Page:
A Life Not With Standing
A Memoir by Chava Willig Levy
My grandparents gave my mother more than life. They gave her music. Not the contemporary music of their day, but the melodies of the Chasidic masters of long ago. Growing up in Oswiecim (a little Polish town that the Nazis called Auschwitz), and later in the Brooklyn tenements of Brownsville, Imma sang at the Sabbath table. She took great pride when neighbors, Jewish and Gentile alike, gathered below her parents’ kitchen window just to hear the Weiss family harmonize.
My Tante Chadsha gave my mother music too, but a music foreign to their Chasidic home. The first of her nine siblings, brilliant, multilingual Chadsha was twenty-four years old when Imma arrived on the scene in 1923. Single until 1930, she gladly helped raise her baby sister. And in the eleven years they were destined to share, Tante Chadsha filled Imma’s ear with note after glorious note of Beethoven, Mendelssohn, Chopin and Grieg.
Together with her parents and unmarried siblings, Imma immigrated to the United States in 1934, taking with her Chadsha’s passion for, and encyclopedic knowledge of, classical music. She gladly would have given up that treasure if she could have taken Chadsha with her instead. But three of Imma’s siblings—Chadsha, Aidel and Chatzkel—stayed behind with their spouses and children. Hitler’s henchmen murdered them all.
Whenever I asked my parents for which departed relative I had been named, as is customary in Ashkenazic families, they would answer vaguely, “Well, for a wonderful aunt, we named you Chava. And your middle name, Yehudis, is also in memory of an aunt.” I always assumed they were referring to two of their own aunts. But ten years after Imma died, I learned that they had been referring to one aunt: mine.
“Take a look at this,” my cousin Lazar said, a gleam in his eye, during my visit to his Los Angeles home. With tenderness generally reserved for a newborn, he handed me a frayed black book.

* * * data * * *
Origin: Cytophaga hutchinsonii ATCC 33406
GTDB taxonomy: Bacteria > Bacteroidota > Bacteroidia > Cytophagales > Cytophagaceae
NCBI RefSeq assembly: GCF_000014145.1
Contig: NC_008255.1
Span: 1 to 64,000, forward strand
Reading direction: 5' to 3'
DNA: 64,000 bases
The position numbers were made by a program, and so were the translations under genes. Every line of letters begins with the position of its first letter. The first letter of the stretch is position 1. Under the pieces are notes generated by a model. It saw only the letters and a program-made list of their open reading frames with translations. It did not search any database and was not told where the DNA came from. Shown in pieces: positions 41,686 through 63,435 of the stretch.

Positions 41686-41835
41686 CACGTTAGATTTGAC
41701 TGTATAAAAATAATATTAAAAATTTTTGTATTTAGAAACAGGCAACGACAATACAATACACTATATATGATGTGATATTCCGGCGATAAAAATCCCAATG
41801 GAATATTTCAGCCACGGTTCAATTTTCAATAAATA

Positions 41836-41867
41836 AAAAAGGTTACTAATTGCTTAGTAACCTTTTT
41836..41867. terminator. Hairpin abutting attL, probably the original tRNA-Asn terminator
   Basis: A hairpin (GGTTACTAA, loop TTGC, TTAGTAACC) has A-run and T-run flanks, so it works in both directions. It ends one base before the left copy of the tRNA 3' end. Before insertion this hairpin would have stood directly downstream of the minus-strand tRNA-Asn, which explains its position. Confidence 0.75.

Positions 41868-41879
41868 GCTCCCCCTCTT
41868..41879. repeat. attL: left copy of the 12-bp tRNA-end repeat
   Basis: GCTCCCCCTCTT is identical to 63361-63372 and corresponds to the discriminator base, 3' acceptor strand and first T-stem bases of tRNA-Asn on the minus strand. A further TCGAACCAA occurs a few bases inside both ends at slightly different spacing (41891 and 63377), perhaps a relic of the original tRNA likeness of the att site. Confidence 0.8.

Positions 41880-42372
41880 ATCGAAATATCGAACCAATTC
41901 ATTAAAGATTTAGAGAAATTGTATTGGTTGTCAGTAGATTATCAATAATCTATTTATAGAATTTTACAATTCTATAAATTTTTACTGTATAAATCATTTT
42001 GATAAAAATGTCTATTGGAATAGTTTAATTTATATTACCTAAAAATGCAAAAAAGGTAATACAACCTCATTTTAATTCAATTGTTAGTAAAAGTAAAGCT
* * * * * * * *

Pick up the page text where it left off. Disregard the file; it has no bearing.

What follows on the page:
“That’s a pretty old siddur,” I said, leafing through the morning blessings. “Where’d you get it?”
“It was passed on to me after my mother, or as you called her, Tante Jean, died. But you ain’t seen nothing yet. Turn to the first page.”
Florid, extraordinarily compressed Hebrew filled the fly page. “I can’t make this out,” I confessed. “What is it?”
“It’s a record of each of our grandparents’ children, you know, names and birthdates. Kind of the way some people inscribe milestones in their family Bible. Only Zaide used his siddur instead.”
My eyes widened when I deciphered the first entry: “My daughter, Chaya Yehudis, may she live for many good days, was born on the night leading into Sunday, the 15th of Teves, 5660, December 17, 1899.”
“Tante Chadsha’s real name was Chaya?”
“Sure,” my cousin replied. “Chadsha is a diminutive for Chaya.”
“But that makes my name, Chava Yehudis, almost identical to hers!”
“Well, your parents probably made a slight change—Chaya to Chava, both linked to the Hebrew word for life—so that your name would differ from that of someone who died so tragically.”
“But still,” I mused, “someone who lived so fully.”
So, I had been named in memory of Tante Chadsha! Maybe that’s why it gave my mother such joy when, at eighteen months, I would toddle around humming Franz Lehár’s Merry Widow Waltz, standing on tiptoe to reach the high notes. Maybe that’s why it surprised her not a whit when I declared French as my college major. I was musical, multilingual Tante Chadsha’s namesake. Did it fill Imma with wonder or perhaps anguish that, like Chadsha, I passed my thirtieth birthday still yearning for a husband, cushioning a lonely life with language and music? She never spoke of such things. In fact, she rarely spoke of Chadsha at all, not her life and certainly not her death. It was only after Imma’s own death in 1991 that my father handed me an envelope postmarked Krakow 1940, “Deutsches Reich” and Adolph Hitler’s profile on the stamp. In it, I found a tear-stained, handwritten letter: